What I learned about marketing from working in a deli

I’m pleased to be a contributor to the upcoming book, Shattering the Status Quo, by Scott Jagodzinski. I was interviewed for Chapter 1: Know Your Product First. This is an excerpt (with permission):

Can you describe and talk about some of the key learnings you have used to hone your professional success over the years?

Most of what I have learned about work started when I was 13-years-old working in a deli for a guy named Louis De Palma. I talk about Louis all the time. Louis never had a college degree; he never had any kind of advanced degree. He didn’t know what marketing was. Spam to him was a product from Hormel that was sitting on a shelf and gathering a lot of dust. Louis knew something that he imparted to all of us: to know your product first.

The first couple of years working in that deli I never waited on a customer. He made sure I knew where every product was, what the features of those products were and what they did, the brand names and the types of things that people would ask about.

I remember one day he came to me and said, ‘Okay now is your time. Now you are going to come up front, and you are going to wait on our customers.’ I said, ‘Well, what’s that all about?’ He said, ‘We are going to stand and you are going to put an apron on. You are going give people what they need. They are going to be coming in; they have all these lists and they are looking for products. They are looking for things for their homes and things to eat. You are going to stand there and you are going to ask them what they need. Then when they tell you what they need, you are going to go around the store and you are going to pull all these products down off the shelves. You are going to bring them back and you are going to provide it to them and say ‘Is this what you need?’ They will say ‘Yes this is what I need and thanks a lot.’ Then they will go on to the next thing they need.’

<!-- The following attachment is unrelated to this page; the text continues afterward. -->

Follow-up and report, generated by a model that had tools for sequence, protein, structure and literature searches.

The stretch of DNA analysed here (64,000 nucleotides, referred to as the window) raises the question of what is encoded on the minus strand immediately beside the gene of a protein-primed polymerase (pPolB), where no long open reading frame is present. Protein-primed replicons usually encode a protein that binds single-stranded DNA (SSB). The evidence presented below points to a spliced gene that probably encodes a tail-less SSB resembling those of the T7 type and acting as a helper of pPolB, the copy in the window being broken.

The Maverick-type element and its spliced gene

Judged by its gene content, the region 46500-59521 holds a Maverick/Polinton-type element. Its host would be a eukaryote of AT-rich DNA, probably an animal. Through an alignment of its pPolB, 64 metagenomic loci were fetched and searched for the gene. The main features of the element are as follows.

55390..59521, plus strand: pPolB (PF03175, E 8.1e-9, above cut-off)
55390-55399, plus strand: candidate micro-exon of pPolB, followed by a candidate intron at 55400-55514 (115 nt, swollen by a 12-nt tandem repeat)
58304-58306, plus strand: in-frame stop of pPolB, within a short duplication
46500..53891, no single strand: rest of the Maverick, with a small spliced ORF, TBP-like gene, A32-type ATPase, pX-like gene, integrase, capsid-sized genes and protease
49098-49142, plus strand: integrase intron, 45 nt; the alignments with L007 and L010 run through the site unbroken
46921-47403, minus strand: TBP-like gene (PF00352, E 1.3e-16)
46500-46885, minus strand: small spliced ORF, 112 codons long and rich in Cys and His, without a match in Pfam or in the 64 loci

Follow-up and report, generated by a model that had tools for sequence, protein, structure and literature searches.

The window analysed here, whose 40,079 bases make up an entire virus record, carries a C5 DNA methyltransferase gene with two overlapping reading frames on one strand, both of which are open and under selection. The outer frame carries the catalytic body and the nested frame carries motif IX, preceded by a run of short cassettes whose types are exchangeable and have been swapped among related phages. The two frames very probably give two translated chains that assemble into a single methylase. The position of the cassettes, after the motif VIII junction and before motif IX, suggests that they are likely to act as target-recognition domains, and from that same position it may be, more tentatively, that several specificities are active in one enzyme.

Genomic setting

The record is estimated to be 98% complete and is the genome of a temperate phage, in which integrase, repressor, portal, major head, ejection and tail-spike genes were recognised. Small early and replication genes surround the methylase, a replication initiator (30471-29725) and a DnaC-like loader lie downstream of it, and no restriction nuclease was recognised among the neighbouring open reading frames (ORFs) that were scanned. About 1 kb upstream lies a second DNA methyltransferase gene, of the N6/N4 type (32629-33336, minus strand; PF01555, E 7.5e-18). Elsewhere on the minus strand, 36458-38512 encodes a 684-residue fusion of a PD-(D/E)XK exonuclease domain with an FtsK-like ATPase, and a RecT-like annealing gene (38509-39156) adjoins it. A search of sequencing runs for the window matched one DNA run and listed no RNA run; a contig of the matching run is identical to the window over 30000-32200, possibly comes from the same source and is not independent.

In life and in marketing, a lot of us forget the key to success is always to understand customer’s needs, preferences, desires, and the buying process they are going through. You need to make sure if you’ve got a product or a service you are trying to sell to a customer you never lose sight of that, because the customer is trying to get their need satisfied. From a marketing standpoint, whether you are marketing a magazine, product, television station or ads in newspapers, the closer you can get in terms of creating a unique selling proposition that satisfies that customer’s need, the closer you are going to be in terms of winning the customer and building a better engagement with the customer.

That is one of the great lessons I have never ever forgotten from Louis, because it really does matter. I have sold all kinds of things in my career and I have built all kinds of businesses. It’s always about the folks who understand the customer need, understand how to satisfy that need, understand the competitors in the marketplace, how they are trying to satisfy the need of their customer, and how an individual product or service or company can differentiate how they solve the need for the customer versus how someone else does it.

Louis was one of my first teachers in terms of the acumen or the DNA that I have as a marketing professional.

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